BEIJING -- U.S. and other countries have not presented any conclusive evidence that Chinese telecoms gear maker Huawei Technologies threatens their national security and are merely stirring fears out of self-interest, a Chinese government spokeswoman said Wednesday.
Huawei's critics are conjuring up threats and misusing state power to "suppress the legitimate development rights and interests of Chinese enterprises" and are "using political means to intervene in the economy," said Foreign Ministry spokeswoman Hua Chunying.
"All countries should deal with relevant matters in an objective, comprehensive, rational, and correct manner, rather than fabricating excuses of all kinds for one's own pursuit of interest at the cost of others, which is quite hypocritical, immoral, and unfair," Hua said.
Hua's comments at a daily briefing were some of the sharpest yet in a growing feud over Washington's drive to convince other nations to shut Huawei out of their markets due to national security concerns.
Huawei is the world's biggest supplier of network gear used by phone and internet companies. It insists that it is independent and poses no threat to the security of others, but has long been seen by some as a front for spying by the Chinese military or security services.
On that basis, the United States, Australia, Japan and some other governments have imposed curbs on use of Huawei technology, including smart phones.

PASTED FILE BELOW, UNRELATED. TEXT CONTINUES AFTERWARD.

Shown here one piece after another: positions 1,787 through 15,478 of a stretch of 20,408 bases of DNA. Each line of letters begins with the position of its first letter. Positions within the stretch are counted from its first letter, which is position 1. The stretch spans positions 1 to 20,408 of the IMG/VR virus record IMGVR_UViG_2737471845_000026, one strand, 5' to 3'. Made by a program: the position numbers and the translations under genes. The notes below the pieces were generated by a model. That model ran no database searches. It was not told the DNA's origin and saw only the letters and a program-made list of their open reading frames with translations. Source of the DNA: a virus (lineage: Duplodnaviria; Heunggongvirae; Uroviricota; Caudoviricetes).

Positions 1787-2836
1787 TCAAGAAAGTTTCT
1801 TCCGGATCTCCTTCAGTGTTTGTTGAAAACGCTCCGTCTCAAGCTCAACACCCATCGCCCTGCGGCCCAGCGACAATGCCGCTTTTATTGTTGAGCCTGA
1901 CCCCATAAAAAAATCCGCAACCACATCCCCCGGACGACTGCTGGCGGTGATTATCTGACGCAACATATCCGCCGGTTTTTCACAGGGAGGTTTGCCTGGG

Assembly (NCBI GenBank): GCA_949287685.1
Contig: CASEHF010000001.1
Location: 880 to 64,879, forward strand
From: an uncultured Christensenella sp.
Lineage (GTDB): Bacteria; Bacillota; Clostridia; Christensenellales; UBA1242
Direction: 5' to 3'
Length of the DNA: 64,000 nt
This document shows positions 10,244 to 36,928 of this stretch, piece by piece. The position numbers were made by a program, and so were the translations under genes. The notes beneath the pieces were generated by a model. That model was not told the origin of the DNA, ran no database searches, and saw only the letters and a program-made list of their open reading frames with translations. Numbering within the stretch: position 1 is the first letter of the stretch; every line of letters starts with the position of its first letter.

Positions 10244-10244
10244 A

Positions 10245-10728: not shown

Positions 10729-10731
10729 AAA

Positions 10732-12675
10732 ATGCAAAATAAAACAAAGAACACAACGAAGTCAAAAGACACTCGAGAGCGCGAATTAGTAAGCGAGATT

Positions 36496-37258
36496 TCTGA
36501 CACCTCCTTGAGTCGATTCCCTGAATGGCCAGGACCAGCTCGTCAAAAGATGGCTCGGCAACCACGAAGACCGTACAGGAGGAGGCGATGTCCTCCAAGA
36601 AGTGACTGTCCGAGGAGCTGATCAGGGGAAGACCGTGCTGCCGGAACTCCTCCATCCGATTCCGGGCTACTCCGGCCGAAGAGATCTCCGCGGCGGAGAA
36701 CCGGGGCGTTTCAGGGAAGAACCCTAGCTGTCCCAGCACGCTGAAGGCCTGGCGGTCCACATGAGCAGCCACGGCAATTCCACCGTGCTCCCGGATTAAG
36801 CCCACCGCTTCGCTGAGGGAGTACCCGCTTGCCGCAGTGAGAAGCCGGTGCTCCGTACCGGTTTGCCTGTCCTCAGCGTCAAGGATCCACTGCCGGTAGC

On Tuesday in Poland, U.S. Secretary of State Mike Pompeo renewed a warning that the United States may be forced to scale back certain operations in Europe and elsewhere if countries continue to do business with Huawei.
Pompeo said the U.S. had strong concerns about Huawei's motives in Europe, especially in NATO and European Union member states, as well as its business practices.
"We've made known the risks that are associated with that, risks to private information of citizens of the country, risks that comes from having that technology installed in network systems," he said.
The U.S. warnings about the risks of Chinese telecom technology come as governments are choosing providers for the rollout of 5G wireless internet, which will enable faster download speeds along with greater connectivity among devices.
U.S. officials argue that under Chinese security laws companies such as Huawei or ZTE could be compelled to hand over data or access to Chinese intelligence.
Hua said such concerns were based on provisions of China's national intelligence law that differ little from similar legislation in other countries.
"It is an international practice to maintain national security with legislation and to require organizations and individuals to cooperate with national intelligence work," Hua said.
Lacking solid evidence, the U.S. "keeps making up crimes and churning out various threat theories," Hua said.
"We believe that this is very hypocritical, unfair and immoral," she said. All nations, Hua said, have an obligation to "abide by the market principle of free and fair competition and truly safeguard the market environment of fairness, justice and non-discrimination."